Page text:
In a bizarre move, Anonymous has declared war on Russia and President Vladimir Putin in the Ukraine-Russia conflict.
After the invasion of Ukraine by Russia, a Tweet from an account named Anonymous urged hackers worldwide to attack Russia, CNBC reports.
On Feb. 24, the account tweeted that the loosely connected global group was preparing for action against the country, adding that it would be retweeting their efforts.
In the days that followed, posts from the account claimed responsibility for bringing down the Russian oil giant Gazprom, the government-controlled Russian news agency RT, and a number of Russian and Belarusian government websites, including the Kremlin’s official site.
Russia may be using bombs to drop on innocent people, but Anonymous uses lasers to kill Russian government websites.
A post via an Anonymous-affiliated Twitter account.
Following those posts, it was announced that its group got Russian internet service providers disrupted, Tetraedr ammunition manufacturer’s documents and emails were leaked, and a gas supply provided by Tvingo Telecom shut off.
Last week, Anonymous’ Twitter account holder described the group’s intentions as follows: “Anonymous has ongoing operations to keep .ru government website offline, and to push information to the Russian people so they can be free of Putin’s state censorship machine. We also have ongoing operations to keep the Ukrainian people online as best we can.”
“Russia may be using bombs to drop on innocent people, but Anonymous uses lasers to kill Russian government websites,” read a post on Feb. 26.
There are No Official Accounts
Although the account has a large following, the person or people behind the “Anonymous” Twitter account denied that it was the group’s official account, stating in a post: “We are a decentralized resistance movement. There is no official #Anonymous account.”
Although it appears to be one of the largest Twitter accounts associated with Anonymous, it is one of many that operate under the larger umbrella of Anonymous’ social media accounts.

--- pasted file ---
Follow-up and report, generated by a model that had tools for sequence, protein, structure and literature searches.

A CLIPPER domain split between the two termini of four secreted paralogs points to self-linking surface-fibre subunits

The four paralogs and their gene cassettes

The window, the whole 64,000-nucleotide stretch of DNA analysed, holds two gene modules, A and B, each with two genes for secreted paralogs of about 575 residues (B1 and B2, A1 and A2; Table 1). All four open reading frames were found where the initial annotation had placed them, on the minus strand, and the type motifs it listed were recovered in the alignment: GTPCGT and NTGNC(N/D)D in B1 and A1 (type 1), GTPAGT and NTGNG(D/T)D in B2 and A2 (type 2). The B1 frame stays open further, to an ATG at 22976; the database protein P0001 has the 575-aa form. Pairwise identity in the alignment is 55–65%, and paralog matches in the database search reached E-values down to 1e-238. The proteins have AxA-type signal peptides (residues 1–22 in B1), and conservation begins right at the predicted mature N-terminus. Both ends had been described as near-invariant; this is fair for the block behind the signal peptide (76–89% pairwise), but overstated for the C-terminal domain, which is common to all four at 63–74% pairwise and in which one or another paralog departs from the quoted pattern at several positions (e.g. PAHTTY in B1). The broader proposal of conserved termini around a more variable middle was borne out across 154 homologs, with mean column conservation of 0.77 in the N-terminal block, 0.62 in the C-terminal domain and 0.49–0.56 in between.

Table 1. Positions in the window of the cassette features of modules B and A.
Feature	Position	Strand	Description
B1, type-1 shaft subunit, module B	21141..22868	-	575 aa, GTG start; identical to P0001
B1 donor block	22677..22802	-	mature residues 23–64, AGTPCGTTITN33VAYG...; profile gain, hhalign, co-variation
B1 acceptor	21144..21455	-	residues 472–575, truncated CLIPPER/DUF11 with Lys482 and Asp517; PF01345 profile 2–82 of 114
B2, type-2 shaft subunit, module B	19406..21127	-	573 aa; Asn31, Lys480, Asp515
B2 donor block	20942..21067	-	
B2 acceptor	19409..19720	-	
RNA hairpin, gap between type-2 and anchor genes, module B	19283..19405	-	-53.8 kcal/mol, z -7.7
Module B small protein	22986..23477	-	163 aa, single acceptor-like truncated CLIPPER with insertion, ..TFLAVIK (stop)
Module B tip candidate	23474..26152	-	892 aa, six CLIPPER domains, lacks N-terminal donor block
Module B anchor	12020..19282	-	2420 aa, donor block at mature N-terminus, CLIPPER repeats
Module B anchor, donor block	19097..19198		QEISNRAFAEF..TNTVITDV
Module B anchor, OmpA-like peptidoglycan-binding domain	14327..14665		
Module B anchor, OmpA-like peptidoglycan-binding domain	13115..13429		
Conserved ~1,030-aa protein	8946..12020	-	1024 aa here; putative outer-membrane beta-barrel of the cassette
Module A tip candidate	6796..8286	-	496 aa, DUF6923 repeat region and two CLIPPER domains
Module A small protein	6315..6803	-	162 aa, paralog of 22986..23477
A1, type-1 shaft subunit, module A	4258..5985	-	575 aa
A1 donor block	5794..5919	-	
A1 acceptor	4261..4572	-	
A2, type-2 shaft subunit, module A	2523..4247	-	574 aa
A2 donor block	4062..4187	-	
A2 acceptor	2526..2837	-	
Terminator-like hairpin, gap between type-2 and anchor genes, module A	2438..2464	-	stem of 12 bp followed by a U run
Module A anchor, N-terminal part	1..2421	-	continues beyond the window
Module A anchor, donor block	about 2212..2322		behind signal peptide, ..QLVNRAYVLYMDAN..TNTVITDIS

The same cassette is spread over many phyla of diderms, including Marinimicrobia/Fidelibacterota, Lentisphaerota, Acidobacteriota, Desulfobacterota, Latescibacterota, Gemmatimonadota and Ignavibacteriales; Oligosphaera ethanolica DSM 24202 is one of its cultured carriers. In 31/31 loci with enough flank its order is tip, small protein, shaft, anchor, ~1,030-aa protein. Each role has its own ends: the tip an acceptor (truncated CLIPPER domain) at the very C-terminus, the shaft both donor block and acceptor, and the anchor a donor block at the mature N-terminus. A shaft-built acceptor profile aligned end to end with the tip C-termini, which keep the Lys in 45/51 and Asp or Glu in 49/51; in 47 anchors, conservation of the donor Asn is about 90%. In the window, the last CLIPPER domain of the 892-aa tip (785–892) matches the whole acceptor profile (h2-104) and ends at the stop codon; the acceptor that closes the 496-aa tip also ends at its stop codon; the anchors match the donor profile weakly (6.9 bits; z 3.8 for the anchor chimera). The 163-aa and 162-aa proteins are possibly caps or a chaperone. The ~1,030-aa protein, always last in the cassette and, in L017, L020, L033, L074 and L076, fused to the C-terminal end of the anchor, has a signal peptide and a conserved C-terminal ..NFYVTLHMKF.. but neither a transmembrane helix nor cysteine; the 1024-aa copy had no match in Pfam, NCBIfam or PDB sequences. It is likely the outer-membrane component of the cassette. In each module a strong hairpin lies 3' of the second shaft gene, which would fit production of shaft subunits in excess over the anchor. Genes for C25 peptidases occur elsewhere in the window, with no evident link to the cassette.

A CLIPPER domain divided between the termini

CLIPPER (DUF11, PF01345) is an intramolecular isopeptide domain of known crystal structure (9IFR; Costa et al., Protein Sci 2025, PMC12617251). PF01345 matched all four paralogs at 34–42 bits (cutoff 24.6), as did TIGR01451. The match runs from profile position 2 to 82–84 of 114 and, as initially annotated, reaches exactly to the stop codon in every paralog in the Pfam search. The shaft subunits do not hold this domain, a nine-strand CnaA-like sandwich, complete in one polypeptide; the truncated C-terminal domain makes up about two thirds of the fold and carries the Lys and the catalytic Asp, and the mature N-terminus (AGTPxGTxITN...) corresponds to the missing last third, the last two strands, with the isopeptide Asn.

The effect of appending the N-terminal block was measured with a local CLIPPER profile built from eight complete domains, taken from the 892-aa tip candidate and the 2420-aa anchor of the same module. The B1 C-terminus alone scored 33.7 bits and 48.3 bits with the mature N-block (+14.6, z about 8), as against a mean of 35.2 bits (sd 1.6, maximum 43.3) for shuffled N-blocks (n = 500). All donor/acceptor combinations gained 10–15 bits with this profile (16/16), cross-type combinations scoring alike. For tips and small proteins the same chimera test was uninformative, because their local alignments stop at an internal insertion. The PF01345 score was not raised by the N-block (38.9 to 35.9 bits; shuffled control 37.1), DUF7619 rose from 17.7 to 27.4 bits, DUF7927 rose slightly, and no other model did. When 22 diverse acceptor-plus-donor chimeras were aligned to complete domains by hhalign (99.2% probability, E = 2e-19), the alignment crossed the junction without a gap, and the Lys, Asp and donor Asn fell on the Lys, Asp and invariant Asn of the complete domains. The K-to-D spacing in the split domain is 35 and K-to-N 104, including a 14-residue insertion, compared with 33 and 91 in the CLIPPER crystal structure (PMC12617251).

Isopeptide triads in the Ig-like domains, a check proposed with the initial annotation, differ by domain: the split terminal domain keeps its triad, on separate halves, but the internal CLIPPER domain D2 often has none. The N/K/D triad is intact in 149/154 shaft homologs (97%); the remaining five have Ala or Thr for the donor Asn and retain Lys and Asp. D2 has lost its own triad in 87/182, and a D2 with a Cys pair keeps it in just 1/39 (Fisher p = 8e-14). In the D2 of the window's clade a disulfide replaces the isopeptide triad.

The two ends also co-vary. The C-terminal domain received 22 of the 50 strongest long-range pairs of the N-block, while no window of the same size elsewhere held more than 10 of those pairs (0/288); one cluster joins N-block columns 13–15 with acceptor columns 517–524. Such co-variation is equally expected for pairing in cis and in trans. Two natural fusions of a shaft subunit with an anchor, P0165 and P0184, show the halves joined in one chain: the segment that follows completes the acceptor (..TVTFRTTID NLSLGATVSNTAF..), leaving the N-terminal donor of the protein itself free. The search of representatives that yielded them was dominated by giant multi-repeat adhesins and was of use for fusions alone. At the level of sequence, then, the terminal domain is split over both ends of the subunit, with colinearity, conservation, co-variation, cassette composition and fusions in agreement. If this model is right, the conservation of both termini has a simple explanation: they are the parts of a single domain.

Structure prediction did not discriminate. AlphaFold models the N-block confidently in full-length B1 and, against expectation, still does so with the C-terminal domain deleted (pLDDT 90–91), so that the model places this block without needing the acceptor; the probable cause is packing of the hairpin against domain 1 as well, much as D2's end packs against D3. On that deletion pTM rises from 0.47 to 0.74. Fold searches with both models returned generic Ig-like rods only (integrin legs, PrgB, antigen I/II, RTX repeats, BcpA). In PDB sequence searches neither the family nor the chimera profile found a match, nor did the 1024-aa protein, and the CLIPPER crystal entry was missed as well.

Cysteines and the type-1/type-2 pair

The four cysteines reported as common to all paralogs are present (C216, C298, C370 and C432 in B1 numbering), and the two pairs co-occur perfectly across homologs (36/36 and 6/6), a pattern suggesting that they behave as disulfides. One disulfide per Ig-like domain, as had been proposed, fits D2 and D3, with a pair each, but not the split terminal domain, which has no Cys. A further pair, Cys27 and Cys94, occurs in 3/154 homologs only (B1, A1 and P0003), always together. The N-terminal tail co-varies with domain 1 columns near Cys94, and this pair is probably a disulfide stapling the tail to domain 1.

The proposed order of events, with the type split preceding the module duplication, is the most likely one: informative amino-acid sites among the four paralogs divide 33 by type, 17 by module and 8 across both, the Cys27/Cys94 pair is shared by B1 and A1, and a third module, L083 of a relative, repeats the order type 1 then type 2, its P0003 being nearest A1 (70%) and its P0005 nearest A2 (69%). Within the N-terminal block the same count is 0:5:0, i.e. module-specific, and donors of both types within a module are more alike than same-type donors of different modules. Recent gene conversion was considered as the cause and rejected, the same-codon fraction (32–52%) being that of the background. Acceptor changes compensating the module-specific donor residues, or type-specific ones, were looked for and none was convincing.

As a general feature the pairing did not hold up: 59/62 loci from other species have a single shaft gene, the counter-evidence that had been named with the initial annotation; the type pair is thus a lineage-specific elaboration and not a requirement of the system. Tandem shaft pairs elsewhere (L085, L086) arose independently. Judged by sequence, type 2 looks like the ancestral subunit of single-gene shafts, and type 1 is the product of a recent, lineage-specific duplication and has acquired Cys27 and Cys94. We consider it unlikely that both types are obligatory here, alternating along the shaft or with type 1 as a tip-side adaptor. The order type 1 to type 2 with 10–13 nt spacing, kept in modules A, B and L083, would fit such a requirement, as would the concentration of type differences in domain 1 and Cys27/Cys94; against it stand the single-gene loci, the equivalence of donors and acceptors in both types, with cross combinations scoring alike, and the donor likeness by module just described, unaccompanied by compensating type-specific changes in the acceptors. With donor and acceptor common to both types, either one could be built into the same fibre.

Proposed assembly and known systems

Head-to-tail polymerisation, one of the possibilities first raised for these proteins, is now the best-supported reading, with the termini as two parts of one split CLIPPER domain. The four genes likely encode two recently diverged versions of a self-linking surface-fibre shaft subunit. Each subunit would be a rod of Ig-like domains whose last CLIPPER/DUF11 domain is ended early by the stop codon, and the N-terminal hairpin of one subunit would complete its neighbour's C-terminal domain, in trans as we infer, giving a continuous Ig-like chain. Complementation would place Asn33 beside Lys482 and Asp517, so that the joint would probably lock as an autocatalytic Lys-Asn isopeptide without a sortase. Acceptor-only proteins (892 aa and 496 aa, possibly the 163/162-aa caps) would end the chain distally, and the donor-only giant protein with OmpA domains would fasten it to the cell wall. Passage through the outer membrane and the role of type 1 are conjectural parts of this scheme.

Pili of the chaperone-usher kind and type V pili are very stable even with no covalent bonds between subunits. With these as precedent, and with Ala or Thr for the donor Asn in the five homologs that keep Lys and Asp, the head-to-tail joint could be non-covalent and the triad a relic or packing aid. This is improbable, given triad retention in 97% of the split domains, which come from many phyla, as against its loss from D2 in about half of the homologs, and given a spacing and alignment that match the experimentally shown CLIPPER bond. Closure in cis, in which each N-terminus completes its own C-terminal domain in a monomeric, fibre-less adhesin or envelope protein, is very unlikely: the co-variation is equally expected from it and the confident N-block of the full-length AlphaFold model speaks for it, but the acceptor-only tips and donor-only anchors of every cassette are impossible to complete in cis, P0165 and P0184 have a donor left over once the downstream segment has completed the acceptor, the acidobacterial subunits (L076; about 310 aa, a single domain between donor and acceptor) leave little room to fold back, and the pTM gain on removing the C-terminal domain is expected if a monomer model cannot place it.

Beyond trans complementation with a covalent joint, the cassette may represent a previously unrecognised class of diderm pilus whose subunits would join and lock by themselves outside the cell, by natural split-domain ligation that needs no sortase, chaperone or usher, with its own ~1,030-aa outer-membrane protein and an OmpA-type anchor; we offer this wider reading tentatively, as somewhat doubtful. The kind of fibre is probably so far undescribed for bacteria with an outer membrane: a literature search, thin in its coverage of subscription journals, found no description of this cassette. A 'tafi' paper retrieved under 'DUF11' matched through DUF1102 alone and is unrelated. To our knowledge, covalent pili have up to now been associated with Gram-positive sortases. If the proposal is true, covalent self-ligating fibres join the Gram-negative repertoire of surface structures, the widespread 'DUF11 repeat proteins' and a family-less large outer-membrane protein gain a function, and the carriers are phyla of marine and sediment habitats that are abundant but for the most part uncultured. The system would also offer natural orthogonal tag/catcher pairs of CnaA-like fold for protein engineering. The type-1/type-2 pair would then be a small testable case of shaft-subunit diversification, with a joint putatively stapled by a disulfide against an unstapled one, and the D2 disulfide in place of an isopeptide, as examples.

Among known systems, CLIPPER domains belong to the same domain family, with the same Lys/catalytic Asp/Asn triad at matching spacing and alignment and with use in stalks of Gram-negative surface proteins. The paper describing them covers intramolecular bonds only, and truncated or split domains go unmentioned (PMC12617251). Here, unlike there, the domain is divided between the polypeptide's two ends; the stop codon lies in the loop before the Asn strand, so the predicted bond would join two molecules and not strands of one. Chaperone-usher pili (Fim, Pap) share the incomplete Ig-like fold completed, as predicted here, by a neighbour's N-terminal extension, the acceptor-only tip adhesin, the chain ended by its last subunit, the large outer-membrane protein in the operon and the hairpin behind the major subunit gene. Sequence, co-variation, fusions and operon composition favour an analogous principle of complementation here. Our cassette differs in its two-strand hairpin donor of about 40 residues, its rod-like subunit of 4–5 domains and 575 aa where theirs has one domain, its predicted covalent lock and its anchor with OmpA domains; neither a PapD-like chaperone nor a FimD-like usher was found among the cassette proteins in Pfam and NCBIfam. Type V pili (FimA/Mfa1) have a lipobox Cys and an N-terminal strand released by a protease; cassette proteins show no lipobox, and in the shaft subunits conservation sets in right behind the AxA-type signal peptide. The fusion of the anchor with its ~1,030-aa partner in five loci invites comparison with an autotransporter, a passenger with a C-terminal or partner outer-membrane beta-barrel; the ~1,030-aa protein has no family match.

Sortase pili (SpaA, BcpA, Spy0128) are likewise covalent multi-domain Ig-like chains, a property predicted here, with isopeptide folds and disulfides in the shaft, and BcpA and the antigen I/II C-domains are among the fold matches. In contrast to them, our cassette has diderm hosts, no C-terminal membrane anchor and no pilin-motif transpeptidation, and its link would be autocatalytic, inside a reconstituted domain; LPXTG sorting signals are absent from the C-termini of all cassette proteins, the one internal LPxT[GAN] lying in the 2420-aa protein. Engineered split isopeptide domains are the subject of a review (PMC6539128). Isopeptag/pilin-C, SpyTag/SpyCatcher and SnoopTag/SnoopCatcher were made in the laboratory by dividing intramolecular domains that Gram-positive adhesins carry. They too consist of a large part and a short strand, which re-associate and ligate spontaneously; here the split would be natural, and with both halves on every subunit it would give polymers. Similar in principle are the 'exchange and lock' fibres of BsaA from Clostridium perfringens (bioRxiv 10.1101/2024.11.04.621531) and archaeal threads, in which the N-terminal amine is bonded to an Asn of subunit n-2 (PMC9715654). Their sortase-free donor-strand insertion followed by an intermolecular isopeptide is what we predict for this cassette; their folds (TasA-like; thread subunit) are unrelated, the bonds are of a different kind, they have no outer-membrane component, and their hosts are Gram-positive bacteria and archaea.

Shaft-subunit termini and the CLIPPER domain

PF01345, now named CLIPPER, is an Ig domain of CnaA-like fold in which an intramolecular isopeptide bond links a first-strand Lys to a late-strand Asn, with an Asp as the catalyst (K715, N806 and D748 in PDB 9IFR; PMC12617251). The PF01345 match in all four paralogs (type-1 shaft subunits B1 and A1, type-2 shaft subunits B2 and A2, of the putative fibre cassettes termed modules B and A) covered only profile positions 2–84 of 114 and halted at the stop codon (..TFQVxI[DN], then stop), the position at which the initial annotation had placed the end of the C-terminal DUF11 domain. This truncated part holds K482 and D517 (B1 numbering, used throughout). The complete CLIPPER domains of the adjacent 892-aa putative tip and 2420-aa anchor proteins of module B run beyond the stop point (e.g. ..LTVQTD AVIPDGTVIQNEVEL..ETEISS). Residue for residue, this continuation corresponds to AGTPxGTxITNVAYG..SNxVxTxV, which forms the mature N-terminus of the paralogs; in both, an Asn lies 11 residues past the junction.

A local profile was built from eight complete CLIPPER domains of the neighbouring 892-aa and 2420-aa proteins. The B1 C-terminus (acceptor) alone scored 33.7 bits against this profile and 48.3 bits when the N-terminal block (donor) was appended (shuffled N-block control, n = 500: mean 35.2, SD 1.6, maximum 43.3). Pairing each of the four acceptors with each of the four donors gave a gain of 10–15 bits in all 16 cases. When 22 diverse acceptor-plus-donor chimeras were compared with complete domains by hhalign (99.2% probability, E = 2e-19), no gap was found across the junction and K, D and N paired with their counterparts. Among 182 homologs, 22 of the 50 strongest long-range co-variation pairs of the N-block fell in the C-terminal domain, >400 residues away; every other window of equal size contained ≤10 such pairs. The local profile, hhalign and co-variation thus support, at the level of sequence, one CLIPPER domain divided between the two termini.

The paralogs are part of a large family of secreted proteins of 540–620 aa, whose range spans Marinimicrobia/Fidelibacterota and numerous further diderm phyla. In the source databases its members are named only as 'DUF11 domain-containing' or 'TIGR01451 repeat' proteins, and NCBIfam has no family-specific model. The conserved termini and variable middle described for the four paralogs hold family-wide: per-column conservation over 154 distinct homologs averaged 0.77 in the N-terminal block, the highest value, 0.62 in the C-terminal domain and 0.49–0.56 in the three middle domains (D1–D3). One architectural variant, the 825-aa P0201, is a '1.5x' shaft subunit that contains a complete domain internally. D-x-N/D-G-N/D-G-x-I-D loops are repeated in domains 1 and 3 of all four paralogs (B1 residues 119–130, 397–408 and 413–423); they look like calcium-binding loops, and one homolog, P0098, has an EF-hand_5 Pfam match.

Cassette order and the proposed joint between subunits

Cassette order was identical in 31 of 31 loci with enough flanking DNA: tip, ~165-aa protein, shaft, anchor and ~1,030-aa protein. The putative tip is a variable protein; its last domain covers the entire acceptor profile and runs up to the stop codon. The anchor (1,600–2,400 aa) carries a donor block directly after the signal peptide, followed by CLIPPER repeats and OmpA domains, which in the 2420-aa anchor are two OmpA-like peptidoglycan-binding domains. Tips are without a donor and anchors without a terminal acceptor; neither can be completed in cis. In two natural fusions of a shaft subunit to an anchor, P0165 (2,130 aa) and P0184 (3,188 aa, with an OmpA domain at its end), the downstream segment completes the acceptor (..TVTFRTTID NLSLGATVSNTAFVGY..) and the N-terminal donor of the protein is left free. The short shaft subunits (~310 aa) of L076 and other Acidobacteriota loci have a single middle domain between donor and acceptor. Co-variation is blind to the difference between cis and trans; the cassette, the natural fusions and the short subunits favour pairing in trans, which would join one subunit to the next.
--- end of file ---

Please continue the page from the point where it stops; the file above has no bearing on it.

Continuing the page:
As anonymity is a core tenet of the collective, it is difficult if not impossible to verify the group’s claims.
It has been confirmed by a website that checks for server outages that many of the sites the group claimed to have taken down are either currently down or have recently been taken down.
RT published an article on Feb. 28 confirming that the site, as well as that of the Kremlin, was shut down by Anonymous last Friday. The article asserted the group also targeted other Russian and Belarusian media outlets on Monday, adding the message “Stop the war” to their main pages.
Coalescence on a Global Scale
As a result of Russia’s invasion of Ukraine, hackers are raising their ire again, which is yet another example of how global actors are using any and all means available to protest the invasion.
Cyberwar on Both Sides
It has already been reported that Russia is engaged in its own version of cyber warfare with Ukraine. Ukraine’s governmental agencies and financial institutions were hit by destructive “data wiping” software last week, according to Reuters. According to Reuters, Russia denies involvement.
Reuters reported last week that several Ukraine’s government websites were taken down as a result of a denial-of-service attack. Since Russia annexed the Crimean peninsula in 2014, Ukraine has been the victim of digital attacks.
Last week, the anonymous Twitter account emphasized that the group is not at war with Russia or its people as a whole.
Nonetheless, there is little information about the identity of those behind Anonymous. On the “Anonymous” Twitter account, it is stated that they are “working class people seeking a better future for humanity … who agree on a few basic principles: freedom of information, freedom of speech, accountability for companies and governments, privacy and anonymity for private citizens.”
The United States and Chinese governments, the Church of Scientology, and the Islamic State group are among entities targeted by Anonymous in the past.
Nevertheless, the group has expressed support for uprisings such as the Arab Spring and Occupy Wall Street.